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3 Tests Our Content Team Ran in 2021 & How They Impacted 2022 Planning

3 Tests Our Content Team Ran in 2021 & How They Impacted 2022 Planning

2021 was a big year for the HubSpot content team.

Our team grew, we faced challenges, and we had some fun with experiments.

Experiments can teach you a lot about your audience and help you unlock growth opportunities. Here are some experiments we ran in 2021 and what we learned from them.

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Conversion Rate Optimization

In January 2021, the web strategy team decided to run a form optimization experiment to understand how altering our forms would affect our users, ahead of a blog redesign.

When evaluating the current form, the team found that it was breaking several best practices relating to user experience (UX). For instance, the form used asterisks when all fields were required and users were unable to tab through the fields, taking longer to go through the form.

This issue with the UX was further validated with high dropoff rates on offer pages. This meant that a secondary goal was clear: Improve the user experience of the forms on our content offer pages, which would then improve our conversion rate.

With every experiment comes a hypothesis and this one had two, one for each goal:

  • By redesigning the forms, we will learn the best approach to form design ahead of the blog redesign.
  • By optimizing content offer forms’ design and functionality, we will improve the user experience and increase user clarity, which will lead to an increase in content leads’ CVR.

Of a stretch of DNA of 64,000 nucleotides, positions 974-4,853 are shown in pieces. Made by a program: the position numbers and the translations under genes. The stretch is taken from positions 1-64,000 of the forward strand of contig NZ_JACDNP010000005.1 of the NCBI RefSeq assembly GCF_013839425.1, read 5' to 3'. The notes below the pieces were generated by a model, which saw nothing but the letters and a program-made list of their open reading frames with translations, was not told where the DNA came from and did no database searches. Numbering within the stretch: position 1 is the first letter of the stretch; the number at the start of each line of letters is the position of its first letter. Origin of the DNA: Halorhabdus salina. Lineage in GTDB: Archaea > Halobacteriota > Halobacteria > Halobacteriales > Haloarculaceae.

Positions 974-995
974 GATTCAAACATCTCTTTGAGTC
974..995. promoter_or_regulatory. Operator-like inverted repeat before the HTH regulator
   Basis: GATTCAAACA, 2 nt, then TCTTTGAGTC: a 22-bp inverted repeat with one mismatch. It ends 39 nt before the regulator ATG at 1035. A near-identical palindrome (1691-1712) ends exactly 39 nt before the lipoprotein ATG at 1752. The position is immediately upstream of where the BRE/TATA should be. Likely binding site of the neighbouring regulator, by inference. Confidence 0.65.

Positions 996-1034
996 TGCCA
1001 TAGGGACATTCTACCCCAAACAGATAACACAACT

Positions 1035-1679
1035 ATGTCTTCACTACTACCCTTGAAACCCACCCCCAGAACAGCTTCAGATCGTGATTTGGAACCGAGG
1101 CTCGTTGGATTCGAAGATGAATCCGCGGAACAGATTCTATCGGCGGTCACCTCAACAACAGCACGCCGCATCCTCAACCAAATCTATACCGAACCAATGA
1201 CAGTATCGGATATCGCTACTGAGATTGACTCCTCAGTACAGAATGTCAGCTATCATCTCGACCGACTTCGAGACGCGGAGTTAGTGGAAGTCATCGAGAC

When it came to designing the experiment, the team chose an A/B/C/D/E test, leading 20% of traffic to each of the five treatments:

  • 20% would see A, the control – a modal form.
  • 20% would see B – a redesigned, standard version of the form.
  • 20% would see C – the split-screen with a two-column form.
  • 20% would see D – the multi-step form.
  • 20% would see E – the split-screen with single-column form.

Wondering how they came up with these variants? User testing. Earlier in the year, the team had already gathered valuable insights from a user test, in which they learned about users’ preferences and expectations when using forms.

They used this data to design their experiment, something that Principal Marketing Manager at HubSpot Rebecca Hinton says highly contributed to their success.

The test ran on the top 20 converting offer pages and had to run for two weeks to get a reliable sample size for each variant and launched only 33% of traffic to mitigate risk to content lead goals. It ramped up to 60% of traffic during the experiment.

The primary metric used in this experiment was the conversion rate on the content offer form submission and the second was engagement.

“What we found is that displaying a multi-step form vastly outperformed the other treatments we tested, showing a 20% improvement over the control,” said Hinton.

It’s worth noting that the winning variant, D, had a much higher conversion on mobile than it did on desktop. However, the multi-step form performed well on both device types.